Notes to Presocratic Philosophy

1. There is dispute about the extent of the quotation here; it is widely agreed that the sentence beginning “For they give justice, etc.” is Anaximander’s, but it may well be that part of the preceding sentence is also authentic (Kahn 1985a). The presence of the Aristotelian word elements shows that the analysis of Anaximander’s motivation and the discussion of elements at the end of the passage are Simplicius’ comments. All translations from the Greek are by P. Curd.

2. It is unlikely that any Presocratic thought explicitly in terms of underlying substances that gain and lose properties through the agency of an external efficient cause. That notion is probably first found in Plato and then fully analyzed in Aristotle, although there are hints of it in some early thinkers.

3. Logos can mean “account,” “word,” “thing said,” “argument,” or  “statement.”

4. Hence the cosmos is intelligible in the old sense of “Capable of understanding; able to understand; intelligent. Obs;” as the OED has it. Note the reference: “1669, Theophilus Gale, The Court of the Gentiles 1669–78:  I. III. iii. 38 ‘Plato supposeth the Universe … a living intelligible creature’.”

5. The nature of the ‘is’ or what-is in Parmenides is a highly contentious subject. Some have taken it to be whatever exists, some to be whatever is or can be the object of scientific inquiry, some take it to be a claim of essential or substantial being (Owen 1960, Mourelatos 1971, Furth 1993, Brown 1994, Curd 2004, Palmer 2009).

6. All the evidence for Zeno’s paradoxes is indirect, based on Aristotle’s discussions in the Physics. Commentators and scholars have reconstructed them from Aristotle’s comments; these traditional names come from Aristotle.

7. There is controversy about just what the list of basic ingredients includes. Some scholars argue that the list includes only opposites like dark and light, dense and rare, etc. (Inwood 1986; Furth 1991; Sedley 2007, Schofield 1980, but with reservations; Marmodoro 2015); others argue that the list includes everything that appears in the world (and the ingredients of these) except obviously human-made artifacts (Barnes 1979); others opt for a moderate list including stuffs and opposites, but not the specific ingredients of living things as such (Curd, 2007).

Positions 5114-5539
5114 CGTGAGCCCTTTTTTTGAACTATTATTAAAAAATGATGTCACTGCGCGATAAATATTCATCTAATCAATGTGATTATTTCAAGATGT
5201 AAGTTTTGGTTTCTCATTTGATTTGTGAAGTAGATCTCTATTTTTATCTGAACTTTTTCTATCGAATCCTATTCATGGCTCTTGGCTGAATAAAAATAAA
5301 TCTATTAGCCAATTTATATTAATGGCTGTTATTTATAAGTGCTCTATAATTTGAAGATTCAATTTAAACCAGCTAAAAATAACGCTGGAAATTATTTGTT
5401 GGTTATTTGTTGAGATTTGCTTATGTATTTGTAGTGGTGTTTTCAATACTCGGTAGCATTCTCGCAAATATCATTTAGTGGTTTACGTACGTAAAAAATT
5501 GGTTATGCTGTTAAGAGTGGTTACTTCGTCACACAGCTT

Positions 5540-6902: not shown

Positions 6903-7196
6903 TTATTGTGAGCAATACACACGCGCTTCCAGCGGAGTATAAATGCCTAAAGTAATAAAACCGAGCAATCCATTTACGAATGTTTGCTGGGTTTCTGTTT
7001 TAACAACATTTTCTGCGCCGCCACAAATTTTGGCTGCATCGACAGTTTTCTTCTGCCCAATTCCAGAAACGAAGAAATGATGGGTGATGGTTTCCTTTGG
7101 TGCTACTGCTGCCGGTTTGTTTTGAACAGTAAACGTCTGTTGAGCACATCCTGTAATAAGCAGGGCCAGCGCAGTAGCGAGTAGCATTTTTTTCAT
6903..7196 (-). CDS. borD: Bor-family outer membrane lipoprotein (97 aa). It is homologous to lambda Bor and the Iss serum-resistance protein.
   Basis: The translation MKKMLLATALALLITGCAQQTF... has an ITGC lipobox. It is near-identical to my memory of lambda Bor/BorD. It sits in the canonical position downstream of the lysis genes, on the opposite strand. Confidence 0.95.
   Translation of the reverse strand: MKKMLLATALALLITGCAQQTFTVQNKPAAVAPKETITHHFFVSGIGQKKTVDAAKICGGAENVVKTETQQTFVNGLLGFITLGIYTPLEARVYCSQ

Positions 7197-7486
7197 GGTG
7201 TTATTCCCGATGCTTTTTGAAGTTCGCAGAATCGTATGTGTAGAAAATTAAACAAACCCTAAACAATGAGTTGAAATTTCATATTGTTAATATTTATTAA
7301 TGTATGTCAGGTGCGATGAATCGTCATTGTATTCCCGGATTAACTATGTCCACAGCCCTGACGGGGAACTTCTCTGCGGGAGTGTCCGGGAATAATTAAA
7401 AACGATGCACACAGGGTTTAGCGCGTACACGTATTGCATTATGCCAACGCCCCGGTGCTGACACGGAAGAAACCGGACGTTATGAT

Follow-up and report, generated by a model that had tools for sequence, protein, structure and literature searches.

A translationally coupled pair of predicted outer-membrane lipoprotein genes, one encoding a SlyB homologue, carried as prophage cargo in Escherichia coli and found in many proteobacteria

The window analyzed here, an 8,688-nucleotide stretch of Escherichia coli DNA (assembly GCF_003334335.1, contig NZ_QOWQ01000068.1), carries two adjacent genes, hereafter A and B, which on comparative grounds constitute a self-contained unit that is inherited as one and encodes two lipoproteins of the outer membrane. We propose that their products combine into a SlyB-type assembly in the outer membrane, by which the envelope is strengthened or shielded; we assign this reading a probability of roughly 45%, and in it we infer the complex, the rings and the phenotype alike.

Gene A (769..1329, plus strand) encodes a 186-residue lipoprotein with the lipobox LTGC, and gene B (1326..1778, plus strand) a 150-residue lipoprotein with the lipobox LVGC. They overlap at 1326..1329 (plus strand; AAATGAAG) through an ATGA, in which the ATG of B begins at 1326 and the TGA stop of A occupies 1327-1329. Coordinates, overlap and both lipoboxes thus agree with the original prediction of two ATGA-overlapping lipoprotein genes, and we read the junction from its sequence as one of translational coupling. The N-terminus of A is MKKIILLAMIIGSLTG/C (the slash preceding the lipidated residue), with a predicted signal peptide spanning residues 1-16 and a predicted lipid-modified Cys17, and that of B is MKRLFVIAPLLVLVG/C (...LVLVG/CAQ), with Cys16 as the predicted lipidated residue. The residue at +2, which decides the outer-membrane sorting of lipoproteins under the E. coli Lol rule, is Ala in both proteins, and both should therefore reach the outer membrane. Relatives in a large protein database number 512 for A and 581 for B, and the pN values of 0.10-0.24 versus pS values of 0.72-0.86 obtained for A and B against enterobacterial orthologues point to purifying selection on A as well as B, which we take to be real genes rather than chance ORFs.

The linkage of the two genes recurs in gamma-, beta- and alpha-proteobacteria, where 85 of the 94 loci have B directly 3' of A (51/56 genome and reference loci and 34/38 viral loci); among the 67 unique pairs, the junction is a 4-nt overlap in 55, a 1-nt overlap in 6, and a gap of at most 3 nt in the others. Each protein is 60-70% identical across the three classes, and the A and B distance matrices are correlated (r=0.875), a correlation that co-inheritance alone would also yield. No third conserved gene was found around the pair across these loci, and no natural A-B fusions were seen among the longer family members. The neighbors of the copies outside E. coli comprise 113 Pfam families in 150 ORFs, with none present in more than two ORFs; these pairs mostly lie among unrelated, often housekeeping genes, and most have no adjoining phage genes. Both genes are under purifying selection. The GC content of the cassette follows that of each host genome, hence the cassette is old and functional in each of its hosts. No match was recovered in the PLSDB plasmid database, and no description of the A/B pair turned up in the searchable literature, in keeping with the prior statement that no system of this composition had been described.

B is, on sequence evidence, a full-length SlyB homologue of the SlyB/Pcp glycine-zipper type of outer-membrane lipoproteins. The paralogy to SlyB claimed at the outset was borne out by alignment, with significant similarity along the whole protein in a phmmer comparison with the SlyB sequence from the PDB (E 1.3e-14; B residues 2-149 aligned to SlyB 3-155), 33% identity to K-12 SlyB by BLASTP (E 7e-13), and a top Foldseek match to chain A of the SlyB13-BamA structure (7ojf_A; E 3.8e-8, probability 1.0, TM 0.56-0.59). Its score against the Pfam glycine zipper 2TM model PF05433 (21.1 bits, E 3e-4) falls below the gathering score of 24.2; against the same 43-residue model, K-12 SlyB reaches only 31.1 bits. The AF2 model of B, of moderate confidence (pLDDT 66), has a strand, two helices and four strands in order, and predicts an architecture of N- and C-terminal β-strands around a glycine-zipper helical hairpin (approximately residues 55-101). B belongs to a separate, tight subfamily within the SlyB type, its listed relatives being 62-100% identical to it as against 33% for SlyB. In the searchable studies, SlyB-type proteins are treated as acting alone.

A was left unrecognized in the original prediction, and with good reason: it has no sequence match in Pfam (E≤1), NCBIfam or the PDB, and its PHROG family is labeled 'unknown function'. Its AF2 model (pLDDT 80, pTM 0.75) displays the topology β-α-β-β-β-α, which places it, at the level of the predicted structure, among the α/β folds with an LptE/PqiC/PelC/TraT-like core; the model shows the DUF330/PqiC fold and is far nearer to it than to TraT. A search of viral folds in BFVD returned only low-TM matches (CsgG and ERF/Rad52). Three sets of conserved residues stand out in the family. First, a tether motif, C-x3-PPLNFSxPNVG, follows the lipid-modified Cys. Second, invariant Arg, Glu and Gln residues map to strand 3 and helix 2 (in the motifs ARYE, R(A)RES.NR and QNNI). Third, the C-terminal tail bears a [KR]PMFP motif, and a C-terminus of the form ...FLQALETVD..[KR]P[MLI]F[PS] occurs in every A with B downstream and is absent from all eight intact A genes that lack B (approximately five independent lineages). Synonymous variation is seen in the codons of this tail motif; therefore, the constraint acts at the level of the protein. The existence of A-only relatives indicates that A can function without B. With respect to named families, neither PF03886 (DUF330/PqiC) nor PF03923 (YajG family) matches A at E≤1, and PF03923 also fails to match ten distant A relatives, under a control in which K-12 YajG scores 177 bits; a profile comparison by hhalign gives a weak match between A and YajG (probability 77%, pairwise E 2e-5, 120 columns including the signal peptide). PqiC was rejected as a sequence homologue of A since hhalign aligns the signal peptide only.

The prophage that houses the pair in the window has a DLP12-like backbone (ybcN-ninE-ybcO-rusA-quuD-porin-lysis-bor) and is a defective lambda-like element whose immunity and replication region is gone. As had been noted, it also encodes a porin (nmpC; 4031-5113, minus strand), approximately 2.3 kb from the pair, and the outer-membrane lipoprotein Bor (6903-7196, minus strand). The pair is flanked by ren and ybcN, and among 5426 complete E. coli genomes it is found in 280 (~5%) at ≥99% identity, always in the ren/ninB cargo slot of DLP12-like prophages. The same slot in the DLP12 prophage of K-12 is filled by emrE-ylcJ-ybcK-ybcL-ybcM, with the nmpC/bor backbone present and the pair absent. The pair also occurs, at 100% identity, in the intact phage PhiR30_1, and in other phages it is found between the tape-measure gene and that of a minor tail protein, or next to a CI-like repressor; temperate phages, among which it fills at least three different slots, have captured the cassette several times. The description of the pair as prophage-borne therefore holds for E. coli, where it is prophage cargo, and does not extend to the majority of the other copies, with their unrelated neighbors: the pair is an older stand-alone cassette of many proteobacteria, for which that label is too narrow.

8. There is disagreement over most of the details of the cycle. For some of the options see Graham 2006, Long 1993, O’Brien 1969, Kingsley 1995.

9. Primavesi (in Martin and Primavesi 1999 and Primavesi 2008) for instance, argues for the two-poem view, Inwood 1992 and 2001 and Osborne 1987b and 2000 against. The entire issue has been complicated by the new material from the Strasbourg Papyrus.

10. It may be that the Purifications is addressed to a public audience who are able to live correctly by following its precepts, although they do so uncomprehendingly, without the complete understanding of one who has the knowledge of the world embodied in the Physics, which is addressed to a more esoteric audience. For some other possible relations, see Osborne 2005 and Primavesi 2008.

11. It is unclear how different the theories of Leucippus (DK 67) and Democritus (DK 68) were. (L/M combine DK’s 67 and 68 into a single entry; both Leucippus and Democritus appear in their section 27.) Many commentators treat them as having identical views on all basic points. Democritus’ voluminous writings are much more reported and commented on by our sources than Leucippus’, so his views are much better known to us.

12. Although Socrates says that he heard someone reading from Anaxagoras’ book, this need not imply a public reading.

Copyright © 2020 by
Patricia Curd

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